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Article #45492
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Sailer U, Triscoli C, Häggblad G, Hamilton P, Olausson HW, Croy I (2016) Temporal dynamics of brain activation during 40 minutes of pleasant touch. NeuroImage, 139:360-367    
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• Long-lasting stroking is processed in similar brain areas as shorter-lasting stroking. • The decreased activation in somatosensory cortices over time may represent stimulus habituation. • Increased activation in OFC and putamen may be related to the stimulation's subjective reward value. • The involvement of reward-related brain circuits can facilitate maintenance of long lasting social touch interactions
Abstract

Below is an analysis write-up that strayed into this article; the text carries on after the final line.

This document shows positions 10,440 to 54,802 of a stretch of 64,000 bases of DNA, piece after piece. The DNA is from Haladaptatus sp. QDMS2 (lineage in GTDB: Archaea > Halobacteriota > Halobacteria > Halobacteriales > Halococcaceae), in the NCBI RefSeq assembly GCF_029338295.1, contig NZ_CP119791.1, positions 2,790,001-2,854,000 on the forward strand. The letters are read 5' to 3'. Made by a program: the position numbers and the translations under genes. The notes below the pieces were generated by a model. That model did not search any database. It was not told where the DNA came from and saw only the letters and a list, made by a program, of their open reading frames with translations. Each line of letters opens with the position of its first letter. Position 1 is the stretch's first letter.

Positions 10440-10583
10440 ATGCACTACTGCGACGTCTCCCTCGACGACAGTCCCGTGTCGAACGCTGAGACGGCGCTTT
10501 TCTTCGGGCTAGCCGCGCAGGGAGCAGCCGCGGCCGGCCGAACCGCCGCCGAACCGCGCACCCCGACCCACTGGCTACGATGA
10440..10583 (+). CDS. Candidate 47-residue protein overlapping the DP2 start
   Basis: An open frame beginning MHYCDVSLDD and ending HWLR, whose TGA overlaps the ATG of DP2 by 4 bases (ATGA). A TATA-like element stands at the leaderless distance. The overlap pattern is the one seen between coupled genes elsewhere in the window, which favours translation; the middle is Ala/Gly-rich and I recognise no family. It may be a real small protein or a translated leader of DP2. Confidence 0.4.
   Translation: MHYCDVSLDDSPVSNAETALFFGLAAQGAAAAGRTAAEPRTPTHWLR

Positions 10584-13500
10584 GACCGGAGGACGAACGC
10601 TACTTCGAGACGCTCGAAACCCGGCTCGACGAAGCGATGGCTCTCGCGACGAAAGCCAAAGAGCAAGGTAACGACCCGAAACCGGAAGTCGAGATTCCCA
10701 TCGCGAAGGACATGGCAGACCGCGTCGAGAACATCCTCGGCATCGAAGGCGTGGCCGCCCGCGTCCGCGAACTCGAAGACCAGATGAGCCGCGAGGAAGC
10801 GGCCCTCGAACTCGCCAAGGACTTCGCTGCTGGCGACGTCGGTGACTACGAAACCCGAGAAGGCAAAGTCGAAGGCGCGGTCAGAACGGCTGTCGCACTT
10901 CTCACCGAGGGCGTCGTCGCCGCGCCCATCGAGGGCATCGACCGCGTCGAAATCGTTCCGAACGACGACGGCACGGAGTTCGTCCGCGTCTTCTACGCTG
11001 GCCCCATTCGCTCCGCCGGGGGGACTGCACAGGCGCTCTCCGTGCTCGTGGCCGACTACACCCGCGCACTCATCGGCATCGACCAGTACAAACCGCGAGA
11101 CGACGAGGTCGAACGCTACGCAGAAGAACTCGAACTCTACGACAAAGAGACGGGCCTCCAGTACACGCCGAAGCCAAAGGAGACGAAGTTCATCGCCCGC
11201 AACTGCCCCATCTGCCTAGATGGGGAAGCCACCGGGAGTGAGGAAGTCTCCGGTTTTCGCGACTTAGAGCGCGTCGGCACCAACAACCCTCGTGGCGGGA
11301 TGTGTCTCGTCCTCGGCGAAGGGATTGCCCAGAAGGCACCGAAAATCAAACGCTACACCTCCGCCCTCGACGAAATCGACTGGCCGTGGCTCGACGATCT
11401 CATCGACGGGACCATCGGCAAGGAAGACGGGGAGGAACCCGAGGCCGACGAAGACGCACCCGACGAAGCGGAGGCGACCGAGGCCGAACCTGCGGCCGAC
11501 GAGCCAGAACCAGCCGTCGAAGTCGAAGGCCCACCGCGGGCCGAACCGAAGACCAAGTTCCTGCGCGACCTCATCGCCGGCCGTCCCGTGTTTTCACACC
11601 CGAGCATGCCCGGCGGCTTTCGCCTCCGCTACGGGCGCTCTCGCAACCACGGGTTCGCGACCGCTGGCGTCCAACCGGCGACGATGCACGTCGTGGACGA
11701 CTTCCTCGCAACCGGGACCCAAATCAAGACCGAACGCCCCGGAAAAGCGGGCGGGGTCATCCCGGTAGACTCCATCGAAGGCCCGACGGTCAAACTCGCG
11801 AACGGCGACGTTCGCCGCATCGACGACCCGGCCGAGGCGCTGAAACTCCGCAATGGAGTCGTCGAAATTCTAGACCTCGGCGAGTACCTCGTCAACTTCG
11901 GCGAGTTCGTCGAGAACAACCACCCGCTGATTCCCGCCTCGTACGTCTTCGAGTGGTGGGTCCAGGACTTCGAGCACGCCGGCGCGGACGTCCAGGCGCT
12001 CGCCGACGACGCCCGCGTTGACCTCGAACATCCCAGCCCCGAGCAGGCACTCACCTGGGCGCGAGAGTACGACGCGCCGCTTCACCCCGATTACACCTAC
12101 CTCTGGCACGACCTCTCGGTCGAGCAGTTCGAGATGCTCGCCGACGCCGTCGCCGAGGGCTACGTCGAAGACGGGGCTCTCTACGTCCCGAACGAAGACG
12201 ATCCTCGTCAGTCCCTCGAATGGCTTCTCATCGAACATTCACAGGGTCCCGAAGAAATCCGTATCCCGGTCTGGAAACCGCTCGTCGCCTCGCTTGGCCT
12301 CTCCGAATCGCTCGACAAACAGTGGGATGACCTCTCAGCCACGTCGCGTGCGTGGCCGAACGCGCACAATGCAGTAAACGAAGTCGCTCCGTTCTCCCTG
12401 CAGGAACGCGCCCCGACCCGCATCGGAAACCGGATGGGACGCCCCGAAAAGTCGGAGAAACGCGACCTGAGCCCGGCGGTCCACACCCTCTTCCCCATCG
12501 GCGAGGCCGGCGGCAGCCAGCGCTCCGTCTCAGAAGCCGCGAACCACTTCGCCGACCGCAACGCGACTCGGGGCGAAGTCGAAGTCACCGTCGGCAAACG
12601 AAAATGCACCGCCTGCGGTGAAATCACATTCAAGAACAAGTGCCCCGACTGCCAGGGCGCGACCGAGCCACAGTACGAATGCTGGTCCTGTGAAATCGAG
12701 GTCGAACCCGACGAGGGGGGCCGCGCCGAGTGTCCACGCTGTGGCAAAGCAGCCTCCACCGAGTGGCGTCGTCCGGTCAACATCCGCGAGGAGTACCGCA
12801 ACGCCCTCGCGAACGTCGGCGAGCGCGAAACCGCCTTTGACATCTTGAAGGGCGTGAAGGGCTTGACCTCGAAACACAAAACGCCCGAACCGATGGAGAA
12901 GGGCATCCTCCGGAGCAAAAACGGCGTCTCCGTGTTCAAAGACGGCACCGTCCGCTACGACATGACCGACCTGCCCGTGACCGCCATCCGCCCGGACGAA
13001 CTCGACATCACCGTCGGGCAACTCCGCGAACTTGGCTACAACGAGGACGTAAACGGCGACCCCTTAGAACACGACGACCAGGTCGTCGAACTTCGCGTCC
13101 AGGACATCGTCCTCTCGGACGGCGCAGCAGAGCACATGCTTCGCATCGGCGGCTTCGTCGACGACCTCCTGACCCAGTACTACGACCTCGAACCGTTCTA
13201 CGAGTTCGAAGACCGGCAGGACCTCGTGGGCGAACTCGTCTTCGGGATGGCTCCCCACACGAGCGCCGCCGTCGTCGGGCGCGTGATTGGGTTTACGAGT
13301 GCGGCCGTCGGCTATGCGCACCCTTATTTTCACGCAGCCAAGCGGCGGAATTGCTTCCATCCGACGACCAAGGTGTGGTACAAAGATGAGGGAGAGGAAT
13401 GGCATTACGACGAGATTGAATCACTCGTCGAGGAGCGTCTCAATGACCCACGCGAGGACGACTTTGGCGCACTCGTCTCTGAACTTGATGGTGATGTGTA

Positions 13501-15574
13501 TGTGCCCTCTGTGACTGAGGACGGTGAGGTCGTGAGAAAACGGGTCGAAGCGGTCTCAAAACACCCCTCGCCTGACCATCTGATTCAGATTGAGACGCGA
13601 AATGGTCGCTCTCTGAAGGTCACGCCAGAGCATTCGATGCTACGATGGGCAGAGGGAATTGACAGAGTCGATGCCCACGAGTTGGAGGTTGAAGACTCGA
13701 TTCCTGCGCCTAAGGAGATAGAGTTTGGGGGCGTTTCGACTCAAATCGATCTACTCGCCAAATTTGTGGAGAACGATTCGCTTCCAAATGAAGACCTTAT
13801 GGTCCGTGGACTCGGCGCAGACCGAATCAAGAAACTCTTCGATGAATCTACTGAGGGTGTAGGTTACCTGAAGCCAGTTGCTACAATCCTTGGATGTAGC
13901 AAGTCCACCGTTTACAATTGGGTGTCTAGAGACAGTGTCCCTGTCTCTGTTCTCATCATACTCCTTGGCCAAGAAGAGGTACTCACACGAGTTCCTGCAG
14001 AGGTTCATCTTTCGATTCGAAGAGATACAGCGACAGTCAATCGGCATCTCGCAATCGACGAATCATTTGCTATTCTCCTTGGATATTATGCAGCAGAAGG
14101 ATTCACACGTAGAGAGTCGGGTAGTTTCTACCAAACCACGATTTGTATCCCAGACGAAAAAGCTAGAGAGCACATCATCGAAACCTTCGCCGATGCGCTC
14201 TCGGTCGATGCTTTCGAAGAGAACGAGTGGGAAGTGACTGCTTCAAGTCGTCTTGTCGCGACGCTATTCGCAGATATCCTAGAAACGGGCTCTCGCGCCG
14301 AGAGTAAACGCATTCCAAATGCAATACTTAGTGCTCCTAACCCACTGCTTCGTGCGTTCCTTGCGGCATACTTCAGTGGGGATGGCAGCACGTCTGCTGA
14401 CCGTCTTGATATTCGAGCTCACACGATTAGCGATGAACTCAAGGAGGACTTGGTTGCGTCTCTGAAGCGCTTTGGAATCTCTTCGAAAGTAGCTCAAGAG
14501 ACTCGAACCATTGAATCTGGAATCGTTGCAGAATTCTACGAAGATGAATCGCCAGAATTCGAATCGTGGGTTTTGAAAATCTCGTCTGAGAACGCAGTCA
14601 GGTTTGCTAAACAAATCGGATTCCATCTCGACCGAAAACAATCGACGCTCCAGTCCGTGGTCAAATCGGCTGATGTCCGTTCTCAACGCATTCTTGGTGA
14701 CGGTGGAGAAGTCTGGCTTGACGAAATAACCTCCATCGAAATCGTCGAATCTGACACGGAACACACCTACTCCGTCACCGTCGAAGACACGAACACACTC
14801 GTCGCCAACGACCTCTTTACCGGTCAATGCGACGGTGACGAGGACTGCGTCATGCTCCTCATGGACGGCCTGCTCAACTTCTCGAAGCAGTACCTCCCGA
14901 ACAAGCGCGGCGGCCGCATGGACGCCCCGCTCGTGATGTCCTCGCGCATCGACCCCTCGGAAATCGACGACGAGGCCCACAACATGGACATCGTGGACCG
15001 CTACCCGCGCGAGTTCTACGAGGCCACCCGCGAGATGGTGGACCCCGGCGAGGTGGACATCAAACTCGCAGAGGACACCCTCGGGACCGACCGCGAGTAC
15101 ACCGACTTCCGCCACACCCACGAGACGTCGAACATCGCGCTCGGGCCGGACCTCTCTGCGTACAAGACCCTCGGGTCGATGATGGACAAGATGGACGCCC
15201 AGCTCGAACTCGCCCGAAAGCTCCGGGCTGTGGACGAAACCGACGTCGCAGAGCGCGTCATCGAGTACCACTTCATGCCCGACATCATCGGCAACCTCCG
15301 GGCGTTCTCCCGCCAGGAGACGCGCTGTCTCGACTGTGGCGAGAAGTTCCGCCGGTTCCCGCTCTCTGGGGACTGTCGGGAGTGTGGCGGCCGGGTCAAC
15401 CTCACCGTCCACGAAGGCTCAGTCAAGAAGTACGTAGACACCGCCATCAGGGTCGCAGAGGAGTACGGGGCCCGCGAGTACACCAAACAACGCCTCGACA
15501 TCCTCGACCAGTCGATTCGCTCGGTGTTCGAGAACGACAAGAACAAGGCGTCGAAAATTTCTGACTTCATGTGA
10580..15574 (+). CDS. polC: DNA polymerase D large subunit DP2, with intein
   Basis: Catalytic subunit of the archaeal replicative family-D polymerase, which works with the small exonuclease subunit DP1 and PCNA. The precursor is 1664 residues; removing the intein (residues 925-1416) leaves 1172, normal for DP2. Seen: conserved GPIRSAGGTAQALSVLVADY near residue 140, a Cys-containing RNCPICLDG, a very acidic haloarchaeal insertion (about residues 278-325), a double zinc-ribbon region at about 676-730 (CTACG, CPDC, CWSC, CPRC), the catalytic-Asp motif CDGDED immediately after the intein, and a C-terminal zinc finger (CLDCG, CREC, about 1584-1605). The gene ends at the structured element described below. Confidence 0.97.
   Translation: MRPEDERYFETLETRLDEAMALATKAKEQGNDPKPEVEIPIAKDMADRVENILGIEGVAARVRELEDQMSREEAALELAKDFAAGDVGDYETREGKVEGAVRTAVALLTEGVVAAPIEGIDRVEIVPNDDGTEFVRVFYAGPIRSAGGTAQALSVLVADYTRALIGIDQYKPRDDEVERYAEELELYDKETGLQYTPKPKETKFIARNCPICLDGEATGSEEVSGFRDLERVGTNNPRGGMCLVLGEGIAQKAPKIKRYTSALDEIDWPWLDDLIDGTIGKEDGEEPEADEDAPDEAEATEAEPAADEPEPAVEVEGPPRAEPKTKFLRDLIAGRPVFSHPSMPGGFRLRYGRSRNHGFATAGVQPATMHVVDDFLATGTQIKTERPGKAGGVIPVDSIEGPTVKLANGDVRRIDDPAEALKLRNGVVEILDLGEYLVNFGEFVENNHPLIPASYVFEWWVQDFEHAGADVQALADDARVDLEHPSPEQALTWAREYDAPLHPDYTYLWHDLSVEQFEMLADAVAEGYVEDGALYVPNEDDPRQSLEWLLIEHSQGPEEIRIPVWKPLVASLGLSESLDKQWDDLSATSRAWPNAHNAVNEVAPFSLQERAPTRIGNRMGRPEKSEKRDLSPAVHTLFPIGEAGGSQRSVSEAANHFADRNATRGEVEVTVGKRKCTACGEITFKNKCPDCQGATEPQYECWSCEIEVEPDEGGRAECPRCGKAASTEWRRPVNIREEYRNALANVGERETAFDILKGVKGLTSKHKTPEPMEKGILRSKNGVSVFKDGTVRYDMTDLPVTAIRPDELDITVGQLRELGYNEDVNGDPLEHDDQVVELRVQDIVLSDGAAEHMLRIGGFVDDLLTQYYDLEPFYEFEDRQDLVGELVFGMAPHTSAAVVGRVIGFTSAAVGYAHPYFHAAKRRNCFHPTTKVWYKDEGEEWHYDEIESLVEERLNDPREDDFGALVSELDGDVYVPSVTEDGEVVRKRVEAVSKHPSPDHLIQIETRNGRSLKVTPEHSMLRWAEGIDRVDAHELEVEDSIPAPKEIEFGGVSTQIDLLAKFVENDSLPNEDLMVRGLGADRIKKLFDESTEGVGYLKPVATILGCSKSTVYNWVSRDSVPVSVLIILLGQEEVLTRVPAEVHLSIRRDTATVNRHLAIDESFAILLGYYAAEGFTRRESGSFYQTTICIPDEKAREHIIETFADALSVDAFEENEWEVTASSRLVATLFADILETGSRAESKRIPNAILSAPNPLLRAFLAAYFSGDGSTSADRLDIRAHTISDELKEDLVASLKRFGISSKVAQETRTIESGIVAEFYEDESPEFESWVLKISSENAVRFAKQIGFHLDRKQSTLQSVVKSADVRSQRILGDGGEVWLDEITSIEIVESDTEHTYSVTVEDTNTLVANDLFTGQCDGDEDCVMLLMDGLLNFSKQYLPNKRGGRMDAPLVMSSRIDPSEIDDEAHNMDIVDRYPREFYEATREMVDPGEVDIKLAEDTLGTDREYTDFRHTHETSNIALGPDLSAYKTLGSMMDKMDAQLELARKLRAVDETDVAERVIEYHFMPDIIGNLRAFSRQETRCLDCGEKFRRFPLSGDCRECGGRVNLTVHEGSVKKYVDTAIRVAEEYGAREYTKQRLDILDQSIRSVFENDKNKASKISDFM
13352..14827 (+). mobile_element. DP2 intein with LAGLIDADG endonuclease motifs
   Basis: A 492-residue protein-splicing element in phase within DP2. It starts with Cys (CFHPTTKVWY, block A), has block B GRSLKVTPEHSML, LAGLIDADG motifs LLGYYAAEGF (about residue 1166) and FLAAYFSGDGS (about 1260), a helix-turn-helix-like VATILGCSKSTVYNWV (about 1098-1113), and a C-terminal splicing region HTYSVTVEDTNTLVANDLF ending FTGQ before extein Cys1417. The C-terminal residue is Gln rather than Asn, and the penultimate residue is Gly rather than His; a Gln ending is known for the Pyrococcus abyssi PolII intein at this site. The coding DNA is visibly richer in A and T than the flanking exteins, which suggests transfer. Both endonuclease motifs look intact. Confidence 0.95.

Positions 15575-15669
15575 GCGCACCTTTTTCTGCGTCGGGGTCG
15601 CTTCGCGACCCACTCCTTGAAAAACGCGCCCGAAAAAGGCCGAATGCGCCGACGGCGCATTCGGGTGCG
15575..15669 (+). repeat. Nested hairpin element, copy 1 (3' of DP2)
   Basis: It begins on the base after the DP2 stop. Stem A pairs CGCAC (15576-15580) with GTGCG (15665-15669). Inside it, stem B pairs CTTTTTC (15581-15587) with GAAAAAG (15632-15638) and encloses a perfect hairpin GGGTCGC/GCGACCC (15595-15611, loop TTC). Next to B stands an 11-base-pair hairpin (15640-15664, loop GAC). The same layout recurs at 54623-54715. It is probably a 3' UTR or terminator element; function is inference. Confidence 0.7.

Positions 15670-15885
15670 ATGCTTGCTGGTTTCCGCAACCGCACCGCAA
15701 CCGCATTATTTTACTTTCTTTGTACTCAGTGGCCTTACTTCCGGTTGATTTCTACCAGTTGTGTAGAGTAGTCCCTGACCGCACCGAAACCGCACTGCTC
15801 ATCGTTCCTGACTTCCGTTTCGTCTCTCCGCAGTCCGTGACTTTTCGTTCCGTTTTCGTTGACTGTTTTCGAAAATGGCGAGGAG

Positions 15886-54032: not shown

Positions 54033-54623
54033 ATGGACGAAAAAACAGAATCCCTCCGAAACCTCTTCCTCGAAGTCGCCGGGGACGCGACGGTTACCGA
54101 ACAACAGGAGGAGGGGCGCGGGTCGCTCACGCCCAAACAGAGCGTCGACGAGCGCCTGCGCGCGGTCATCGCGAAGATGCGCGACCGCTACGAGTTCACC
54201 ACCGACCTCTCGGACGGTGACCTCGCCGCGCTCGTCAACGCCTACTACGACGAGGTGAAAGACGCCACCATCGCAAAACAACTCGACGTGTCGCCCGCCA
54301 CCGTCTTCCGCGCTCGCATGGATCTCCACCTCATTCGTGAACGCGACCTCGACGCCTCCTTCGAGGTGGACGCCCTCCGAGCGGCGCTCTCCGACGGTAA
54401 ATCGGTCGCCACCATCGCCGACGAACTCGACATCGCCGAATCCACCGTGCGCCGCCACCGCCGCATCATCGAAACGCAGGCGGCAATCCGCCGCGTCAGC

Introduction Touch is important for individuals' subjective well-being, is typically rewarding, and is one of few sensory stimuli which are experienced as pleasant for a rather long time. This study tracked brain activation during slow stroking stimulation of the arm that was applied continuously for 40 min - a much longer time than what previous studies have investigated. Methods 25 subjects were stroked for 40 min with a soft brush while they were scanned with functional Magnetic Resonance Imaging, and rated the perceived pleasantness of the brush stroking. Two resting baselines were included. Whole brain-based analyses investigated the neural response to long-lasting stroking. Results Stroking was perceived as pleasant throughout scanning and activated areas that were previously found to be involved in the processing of pleasant touch. Activation in primary somatosensory cortex (S1) and S2, subdivision OP1, decreased over time, whereas activation in orbito-frontal gyrus (OFC) and putamen strongly increased until reaching a plateau after approximately 20 min. Similarly, functional connectivity of posterior insula with middle cingulate and striatal regions increased over time. Discussion Long-lasting stroking was processed in similar areas as shorter-lasting stroking. The decreased activation in somatosensory cortices over time may represent stimulus habituation, whereas increased activation in OFC and putamen may relate to the stimulation's subjective reward value. This involvement of reward-related brain circuits can facilitate maintenance of long-lasting social touch interactions